Business Fire Safety

Fire Safety Order

Regulatory Reform Order 2005

Fire Safety Law and Guidance for Business

Know your responsibilities

The Fire Safety Order (Regulatory Reform (Fire Safety) Order 2005) came into force on 1 October 2006.

This Order affects all non-domestic premises and replaces previous fire safety legislation. Any fire certificate issued under the Fire Precautions Act 1971 will cease to have any effect.  

The Fire Safety Order applies to all non-domestic premises in England and Wales, including the common parts of blocks of flats and houses in multiple occupation (HMO’s). It covers general fire precautions and other fire safety duties which are needed to protect ‘relevant persons’ in case of fire in and around most ‘premises’. The Order requires fire precautions to be put in place ‘where necessary’ and to the extent that it is reasonable and practicable in the circumstances of the case.  

Responsibility for complying with the Order rests with the ‘responsible person’.  In a workplace, this is the employer and any other person who may have control of any part of the premises, e.g. the occupier or owner. In all other premises the person or people in control of the premises will be responsible. If there is more than one responsible person in any type of premises (e.g. a multi-occupied complex), all must take all reasonable steps to co-operate and co-ordinate with each other.  If you are the responsible person you must carry out a fire risk assessment which must focus on the safety in case of fire of all ‘relevant persons’. It should pay particular attention to those at special risk, such as disabled people, those who you know have special needs and young persons and must include consideration of any dangerous substance liable to be on the premises. Your fire risk assessment will help you identify risks that can be removed or reduced and to decide the nature and extent of the general fire precautions you need to take.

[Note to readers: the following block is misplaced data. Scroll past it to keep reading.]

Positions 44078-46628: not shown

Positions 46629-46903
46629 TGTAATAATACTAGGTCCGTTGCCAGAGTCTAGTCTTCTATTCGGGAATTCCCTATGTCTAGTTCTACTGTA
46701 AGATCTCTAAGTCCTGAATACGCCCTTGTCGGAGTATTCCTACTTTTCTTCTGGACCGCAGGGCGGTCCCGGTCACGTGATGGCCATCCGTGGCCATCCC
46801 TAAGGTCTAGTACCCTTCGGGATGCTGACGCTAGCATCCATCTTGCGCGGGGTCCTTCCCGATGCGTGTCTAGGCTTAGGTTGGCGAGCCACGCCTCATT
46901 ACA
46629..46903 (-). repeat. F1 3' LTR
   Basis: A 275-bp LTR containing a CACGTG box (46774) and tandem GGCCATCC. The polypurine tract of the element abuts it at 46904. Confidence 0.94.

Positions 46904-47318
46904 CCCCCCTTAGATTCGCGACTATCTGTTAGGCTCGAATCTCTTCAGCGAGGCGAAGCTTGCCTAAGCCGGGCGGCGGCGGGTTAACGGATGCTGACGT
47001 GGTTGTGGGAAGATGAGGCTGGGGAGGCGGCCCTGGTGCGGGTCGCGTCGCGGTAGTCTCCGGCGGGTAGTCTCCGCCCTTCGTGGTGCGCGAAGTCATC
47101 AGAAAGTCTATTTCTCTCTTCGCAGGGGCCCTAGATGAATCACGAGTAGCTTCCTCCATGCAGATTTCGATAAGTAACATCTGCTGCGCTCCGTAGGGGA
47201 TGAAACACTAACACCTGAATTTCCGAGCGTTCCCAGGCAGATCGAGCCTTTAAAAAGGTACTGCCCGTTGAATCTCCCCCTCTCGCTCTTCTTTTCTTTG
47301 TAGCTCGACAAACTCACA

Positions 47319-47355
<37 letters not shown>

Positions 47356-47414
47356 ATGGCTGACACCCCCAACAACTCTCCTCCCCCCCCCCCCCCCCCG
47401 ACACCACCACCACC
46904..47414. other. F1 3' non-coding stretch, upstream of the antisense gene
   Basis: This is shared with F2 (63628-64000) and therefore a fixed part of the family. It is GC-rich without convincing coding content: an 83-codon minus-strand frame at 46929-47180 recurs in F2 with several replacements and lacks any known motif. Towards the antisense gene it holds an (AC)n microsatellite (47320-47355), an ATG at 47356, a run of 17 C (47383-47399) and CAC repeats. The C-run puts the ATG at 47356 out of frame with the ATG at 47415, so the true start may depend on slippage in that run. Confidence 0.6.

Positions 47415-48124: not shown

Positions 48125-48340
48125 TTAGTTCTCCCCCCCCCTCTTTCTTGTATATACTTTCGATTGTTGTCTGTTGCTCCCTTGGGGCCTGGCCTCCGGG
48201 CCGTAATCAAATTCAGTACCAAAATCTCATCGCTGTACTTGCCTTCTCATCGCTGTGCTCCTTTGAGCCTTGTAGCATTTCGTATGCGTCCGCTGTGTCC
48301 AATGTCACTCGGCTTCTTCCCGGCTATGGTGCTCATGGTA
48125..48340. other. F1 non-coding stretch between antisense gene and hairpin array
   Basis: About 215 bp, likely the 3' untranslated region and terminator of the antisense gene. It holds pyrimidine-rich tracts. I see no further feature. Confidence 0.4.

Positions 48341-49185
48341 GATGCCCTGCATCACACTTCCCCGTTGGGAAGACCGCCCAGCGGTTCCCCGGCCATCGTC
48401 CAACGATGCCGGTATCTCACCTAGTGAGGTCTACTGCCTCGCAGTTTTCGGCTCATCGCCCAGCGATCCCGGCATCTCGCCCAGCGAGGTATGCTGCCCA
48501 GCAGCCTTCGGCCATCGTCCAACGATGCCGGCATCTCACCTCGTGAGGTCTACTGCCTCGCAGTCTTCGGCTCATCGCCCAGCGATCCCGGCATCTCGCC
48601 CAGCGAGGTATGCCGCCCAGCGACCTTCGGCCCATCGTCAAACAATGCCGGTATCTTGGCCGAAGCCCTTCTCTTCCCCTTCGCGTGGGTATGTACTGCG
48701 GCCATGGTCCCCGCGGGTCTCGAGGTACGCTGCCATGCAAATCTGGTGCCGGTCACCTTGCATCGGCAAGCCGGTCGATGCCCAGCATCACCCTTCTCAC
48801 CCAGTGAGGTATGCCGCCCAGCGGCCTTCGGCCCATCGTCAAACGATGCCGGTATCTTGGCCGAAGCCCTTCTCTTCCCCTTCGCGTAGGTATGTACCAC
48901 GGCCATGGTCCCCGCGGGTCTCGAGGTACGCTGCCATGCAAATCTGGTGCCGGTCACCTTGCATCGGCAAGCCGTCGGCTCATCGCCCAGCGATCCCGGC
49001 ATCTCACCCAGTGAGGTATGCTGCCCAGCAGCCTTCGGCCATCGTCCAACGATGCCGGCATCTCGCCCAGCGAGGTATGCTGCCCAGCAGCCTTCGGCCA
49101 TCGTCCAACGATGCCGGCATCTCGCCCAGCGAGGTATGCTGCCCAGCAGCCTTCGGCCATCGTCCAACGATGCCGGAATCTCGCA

If your organisation employs five or more people, your premises are licensed or an alterations notice is in force, you must record the significant findings of the assessment. It is good practice to record your significant findings in any case. 

There are some other fire safety duties you need to comply with:       ·              

  • You must appoint one or more competent persons, depending on the size and use of your premises, to carry out any of the preventive and protective measures required by the Order (you can nominate yourself for this purpose). A competent person is someone with enough training and experience or knowledge and other qualities to be able to implement these measures properly.               
  • You must provide your employees with clear and relevant information on the risks to them identified by the fire risk assessment, about the measures you have taken to prevent fires, and how these measures will protect them if a fire breaks out.